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Dublin: 7°C Friday 3 December 2021

Thousands of Irish could have this 'hidden' disease and not know it

Hepatitis C is passed through blood-to-blood contact. Here’s more on this disease:

Blood vials
Blood vials
Image: AP/Press Association Images

YOU COULD HAVE Hepatitis C but not know it.

That’s the message this World Hepatitis Day from three groups who are encouraging people to get tested for the disease.

Up to 50,000 people in Ireland are affected by this ‘hidden’ disease, and the CThis campaign believes it is misunderstood.

CThis was created by Community Response, Dublin Aids Alliance and UISCE, who collectively provide support and advocate on behalf of people with blood-borne viruses as well as drug users.

They’re encouraging people who could be at risk of hepatitis C to get tested, or visit www.hepinfo.ie or ring the HSE helpline on 1800 459 459.

They will be bringing a two-metre tall green ‘C’ around Dublin city today “to symbolise the magnitude of hepatitis C”.

How can you contract Hepatitis C?

Although up to 50,000 Irish people may be infected with hepatitis C, in the early stages most people don’t experience any symptoms and don’t realise they have the virus.

This leads to people not being diagnosed until more serious symptoms occur, such as cirrhosis (scarring) of the liver.

Up to 1,000 new cases are identified each year with up to 20% of these developing cirrhosis of the liver.

Hepatitis C is transmitted from person-to-person through blood-to-blood contact, such as:

  • Sharing needles
  • Unscreened infected blood and blood products (in countries without screening processes)
  • Needle stick injuries
  • Tattooing
  • Piercing
  • Acupuncture
  • Medical, surgical or dental procedures

Nicola Perry of Community Response said:

Hepatitis C is often misunderstood by the public. It can be confused with hepatitis A or B where there are vaccines available. Hepatitis C cannot currently be vaccinated against and can lead to a long-term infection. People need to be aware how hepatitis C is contracted and get tested if they feel they could be at-risk.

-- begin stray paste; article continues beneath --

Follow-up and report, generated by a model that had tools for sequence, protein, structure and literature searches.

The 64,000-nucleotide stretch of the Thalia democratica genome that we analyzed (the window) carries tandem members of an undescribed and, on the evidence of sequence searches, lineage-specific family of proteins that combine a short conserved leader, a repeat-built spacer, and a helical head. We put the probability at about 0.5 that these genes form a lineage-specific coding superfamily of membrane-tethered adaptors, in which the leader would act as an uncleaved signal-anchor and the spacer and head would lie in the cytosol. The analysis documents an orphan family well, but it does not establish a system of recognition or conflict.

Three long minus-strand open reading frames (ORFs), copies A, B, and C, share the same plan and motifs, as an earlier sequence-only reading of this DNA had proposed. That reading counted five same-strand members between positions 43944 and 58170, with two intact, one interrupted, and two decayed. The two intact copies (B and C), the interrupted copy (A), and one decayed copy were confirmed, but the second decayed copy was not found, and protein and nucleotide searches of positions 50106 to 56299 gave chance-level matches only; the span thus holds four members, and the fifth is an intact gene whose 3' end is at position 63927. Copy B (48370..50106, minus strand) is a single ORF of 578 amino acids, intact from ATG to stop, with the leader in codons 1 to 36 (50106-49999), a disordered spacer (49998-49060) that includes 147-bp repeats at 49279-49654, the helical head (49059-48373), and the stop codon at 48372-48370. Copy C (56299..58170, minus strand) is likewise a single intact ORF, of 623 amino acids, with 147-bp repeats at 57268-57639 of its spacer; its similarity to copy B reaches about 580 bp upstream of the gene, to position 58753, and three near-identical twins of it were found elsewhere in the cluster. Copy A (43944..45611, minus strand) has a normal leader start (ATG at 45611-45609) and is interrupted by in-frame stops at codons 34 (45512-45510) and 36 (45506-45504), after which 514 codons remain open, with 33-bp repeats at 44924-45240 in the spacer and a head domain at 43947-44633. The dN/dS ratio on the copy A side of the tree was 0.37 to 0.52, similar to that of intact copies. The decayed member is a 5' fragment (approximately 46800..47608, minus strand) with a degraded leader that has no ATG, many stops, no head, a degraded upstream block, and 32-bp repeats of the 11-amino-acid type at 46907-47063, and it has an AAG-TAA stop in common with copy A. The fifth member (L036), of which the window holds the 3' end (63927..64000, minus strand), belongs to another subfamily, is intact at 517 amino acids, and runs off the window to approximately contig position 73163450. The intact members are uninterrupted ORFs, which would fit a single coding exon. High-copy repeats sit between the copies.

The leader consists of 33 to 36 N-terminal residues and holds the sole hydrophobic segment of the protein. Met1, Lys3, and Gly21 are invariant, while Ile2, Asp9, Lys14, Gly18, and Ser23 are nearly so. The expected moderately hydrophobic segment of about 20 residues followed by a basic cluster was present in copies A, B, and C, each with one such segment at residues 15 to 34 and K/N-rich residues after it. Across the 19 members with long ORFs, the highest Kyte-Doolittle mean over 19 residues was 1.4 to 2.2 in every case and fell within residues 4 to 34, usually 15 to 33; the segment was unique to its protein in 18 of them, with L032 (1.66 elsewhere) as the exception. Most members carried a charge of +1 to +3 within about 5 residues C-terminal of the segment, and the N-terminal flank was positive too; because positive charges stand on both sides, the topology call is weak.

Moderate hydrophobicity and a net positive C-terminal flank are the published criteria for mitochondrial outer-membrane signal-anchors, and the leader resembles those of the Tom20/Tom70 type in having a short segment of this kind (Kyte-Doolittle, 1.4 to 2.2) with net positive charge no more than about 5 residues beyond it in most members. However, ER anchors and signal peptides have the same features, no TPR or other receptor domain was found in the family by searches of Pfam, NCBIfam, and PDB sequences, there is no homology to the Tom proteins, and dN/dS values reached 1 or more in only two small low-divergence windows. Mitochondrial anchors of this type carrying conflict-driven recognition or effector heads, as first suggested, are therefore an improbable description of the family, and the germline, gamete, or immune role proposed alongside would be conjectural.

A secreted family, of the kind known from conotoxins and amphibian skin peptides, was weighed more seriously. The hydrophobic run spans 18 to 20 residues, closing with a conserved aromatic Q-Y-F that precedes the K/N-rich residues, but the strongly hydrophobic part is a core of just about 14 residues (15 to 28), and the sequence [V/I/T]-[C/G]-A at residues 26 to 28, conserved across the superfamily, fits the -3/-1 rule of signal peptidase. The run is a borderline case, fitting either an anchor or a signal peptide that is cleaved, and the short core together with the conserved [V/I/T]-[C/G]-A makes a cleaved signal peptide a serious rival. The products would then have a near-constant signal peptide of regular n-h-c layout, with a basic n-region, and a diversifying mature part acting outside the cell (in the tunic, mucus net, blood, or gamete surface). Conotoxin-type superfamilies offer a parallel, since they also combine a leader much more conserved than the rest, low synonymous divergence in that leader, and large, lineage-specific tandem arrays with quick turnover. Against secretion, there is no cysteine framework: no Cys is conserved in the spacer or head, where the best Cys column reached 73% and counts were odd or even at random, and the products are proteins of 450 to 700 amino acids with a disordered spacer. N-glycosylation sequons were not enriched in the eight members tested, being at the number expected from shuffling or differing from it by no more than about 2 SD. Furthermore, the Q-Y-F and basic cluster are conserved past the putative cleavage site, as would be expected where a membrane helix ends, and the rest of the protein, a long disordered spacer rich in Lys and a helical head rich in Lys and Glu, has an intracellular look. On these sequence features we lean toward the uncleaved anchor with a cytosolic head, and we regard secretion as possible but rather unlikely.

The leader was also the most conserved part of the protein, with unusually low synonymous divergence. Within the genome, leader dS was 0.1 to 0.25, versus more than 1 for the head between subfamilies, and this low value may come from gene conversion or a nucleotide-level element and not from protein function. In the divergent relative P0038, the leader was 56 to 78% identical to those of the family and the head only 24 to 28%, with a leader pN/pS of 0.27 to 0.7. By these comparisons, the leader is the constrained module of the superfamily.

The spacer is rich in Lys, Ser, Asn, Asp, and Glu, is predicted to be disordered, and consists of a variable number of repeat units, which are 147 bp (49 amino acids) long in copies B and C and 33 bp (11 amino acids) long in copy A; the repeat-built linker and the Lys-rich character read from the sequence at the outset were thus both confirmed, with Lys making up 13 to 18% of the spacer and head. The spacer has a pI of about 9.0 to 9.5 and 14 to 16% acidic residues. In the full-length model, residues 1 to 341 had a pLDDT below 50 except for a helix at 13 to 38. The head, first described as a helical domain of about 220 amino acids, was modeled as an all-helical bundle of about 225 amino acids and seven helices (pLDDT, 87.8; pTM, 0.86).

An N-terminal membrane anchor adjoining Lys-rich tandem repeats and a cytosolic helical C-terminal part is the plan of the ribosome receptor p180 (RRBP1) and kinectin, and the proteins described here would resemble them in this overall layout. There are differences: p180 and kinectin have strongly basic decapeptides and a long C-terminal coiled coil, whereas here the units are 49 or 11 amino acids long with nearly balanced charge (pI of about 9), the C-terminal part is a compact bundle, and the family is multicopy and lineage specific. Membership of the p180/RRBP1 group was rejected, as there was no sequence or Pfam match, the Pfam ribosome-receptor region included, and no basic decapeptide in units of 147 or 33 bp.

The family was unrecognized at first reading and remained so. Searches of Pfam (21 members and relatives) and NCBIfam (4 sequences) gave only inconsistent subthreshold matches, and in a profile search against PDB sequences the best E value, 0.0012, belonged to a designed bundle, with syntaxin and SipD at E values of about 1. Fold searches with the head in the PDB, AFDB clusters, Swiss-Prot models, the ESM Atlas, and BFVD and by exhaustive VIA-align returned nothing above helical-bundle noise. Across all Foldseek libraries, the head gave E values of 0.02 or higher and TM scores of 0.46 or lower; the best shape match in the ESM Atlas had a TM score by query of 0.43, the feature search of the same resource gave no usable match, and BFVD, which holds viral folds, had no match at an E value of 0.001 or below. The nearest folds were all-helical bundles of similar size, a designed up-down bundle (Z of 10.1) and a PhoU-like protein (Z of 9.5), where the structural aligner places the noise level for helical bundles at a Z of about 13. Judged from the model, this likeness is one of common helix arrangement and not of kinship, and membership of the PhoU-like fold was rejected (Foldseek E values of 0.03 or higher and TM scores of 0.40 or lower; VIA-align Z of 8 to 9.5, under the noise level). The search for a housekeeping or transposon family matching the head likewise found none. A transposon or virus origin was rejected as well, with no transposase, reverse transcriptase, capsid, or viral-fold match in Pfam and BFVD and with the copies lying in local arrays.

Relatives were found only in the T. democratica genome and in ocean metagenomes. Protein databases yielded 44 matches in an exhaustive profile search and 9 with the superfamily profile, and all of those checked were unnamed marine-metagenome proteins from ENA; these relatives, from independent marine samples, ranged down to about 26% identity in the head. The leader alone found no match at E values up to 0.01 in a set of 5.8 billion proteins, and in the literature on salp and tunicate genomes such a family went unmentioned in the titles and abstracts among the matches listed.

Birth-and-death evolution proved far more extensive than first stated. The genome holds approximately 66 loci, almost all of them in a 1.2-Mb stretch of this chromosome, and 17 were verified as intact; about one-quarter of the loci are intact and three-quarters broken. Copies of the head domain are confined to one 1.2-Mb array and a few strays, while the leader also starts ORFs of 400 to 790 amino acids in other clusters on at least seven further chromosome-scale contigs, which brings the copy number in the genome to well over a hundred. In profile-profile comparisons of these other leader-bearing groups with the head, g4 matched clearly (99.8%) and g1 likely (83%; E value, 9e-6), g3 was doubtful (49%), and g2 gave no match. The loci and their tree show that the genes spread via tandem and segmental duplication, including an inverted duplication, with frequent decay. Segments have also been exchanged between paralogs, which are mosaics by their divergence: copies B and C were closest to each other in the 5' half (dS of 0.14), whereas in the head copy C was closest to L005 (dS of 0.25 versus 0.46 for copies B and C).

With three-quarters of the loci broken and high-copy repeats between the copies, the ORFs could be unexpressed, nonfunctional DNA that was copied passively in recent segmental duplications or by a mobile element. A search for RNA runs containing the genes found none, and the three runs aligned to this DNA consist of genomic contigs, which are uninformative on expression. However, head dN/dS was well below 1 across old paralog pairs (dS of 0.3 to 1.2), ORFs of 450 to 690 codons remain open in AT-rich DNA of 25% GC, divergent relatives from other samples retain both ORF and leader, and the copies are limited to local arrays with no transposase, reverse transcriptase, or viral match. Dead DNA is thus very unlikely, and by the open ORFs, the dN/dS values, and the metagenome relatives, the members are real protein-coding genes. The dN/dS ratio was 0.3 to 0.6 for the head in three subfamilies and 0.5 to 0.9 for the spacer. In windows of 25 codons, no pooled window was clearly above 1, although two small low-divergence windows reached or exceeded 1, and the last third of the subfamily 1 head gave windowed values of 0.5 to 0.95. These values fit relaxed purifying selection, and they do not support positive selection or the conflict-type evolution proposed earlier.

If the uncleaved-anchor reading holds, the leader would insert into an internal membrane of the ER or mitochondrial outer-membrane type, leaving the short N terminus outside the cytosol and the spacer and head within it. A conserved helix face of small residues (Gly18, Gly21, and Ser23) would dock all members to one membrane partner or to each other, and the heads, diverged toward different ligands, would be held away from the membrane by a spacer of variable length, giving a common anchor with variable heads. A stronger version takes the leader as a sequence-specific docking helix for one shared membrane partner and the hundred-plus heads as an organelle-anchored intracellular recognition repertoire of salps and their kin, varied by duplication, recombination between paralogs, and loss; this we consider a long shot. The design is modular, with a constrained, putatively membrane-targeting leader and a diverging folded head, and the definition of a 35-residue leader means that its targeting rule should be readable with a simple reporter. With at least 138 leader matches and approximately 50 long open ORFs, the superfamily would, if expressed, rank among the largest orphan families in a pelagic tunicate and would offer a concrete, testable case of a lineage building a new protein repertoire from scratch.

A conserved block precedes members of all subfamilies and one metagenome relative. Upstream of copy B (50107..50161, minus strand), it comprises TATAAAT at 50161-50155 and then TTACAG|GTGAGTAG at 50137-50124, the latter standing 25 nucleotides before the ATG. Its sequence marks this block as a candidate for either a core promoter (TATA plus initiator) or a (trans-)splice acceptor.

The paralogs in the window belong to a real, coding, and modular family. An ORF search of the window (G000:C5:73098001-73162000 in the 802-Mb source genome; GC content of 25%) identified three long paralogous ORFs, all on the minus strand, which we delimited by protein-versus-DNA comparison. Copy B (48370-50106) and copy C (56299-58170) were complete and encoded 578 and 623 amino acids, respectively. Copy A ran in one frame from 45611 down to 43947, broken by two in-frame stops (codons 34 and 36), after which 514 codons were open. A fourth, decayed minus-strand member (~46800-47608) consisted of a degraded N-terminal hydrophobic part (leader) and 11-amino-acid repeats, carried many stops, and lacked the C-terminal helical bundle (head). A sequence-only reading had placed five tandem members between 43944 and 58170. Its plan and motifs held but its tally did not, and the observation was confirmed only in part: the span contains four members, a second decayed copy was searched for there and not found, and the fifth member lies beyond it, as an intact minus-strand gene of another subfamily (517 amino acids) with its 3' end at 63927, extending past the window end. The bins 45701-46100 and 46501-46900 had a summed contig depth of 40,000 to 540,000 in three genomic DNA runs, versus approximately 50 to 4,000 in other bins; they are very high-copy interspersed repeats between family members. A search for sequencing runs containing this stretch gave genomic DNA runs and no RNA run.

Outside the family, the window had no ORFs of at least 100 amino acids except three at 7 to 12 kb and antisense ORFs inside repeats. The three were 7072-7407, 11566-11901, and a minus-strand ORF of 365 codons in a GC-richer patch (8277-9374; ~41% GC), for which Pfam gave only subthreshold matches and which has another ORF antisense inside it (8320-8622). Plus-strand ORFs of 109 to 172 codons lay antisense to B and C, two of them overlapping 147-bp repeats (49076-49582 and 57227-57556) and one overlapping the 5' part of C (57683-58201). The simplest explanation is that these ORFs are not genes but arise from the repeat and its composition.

The groups said that while approximately 75% of hepatitis C cases are associated with drug use, “many people have kicked their drug habit and are now leading normal lives, completely unaware that they have a virus that is causing serious damage to their liver”.

Testing is available for free at public STI clinics.

Funding badly needed

Dr Shay Keating of the Drug Treatment Centre Board also noted that to date, no funding has been made available for the implementation of the HSE’s Hepatitis C Strategy.

He said that while they “are treating as many patients as possible, we are not getting as far ahead as we would like”.

Additional funding and a lift of the moratorium to recruit additional staff are needed in order to implement the national strategy fully.

Nicola Perry of Community Response said:

Hepatitis C is an infectious disease, often with no symptoms, and can lead to severe liver conditions. Of those who develop chronic hepatitis C, an estimated 30% will develop cirrhosis; others will develop liver cancer, some of whom may require liver transplantation. Chronic hepatitis C is the most common reason for liver transplants in Europe and poses a significant public health burden.

A Treat It, Beat It campaign has been launched by Community Response and Janssen.

It includes a place on the Community Response website for people to petition their local TDs urging them to ensure that resourcing of the National Hepatitis C Strategy is a priority in Budget 2015.

Read: Tracing The Blood Line: Here’s what happens to your blood after you donate>

Read: More than half of people with hepatitis C don’t know they have it – HSE>

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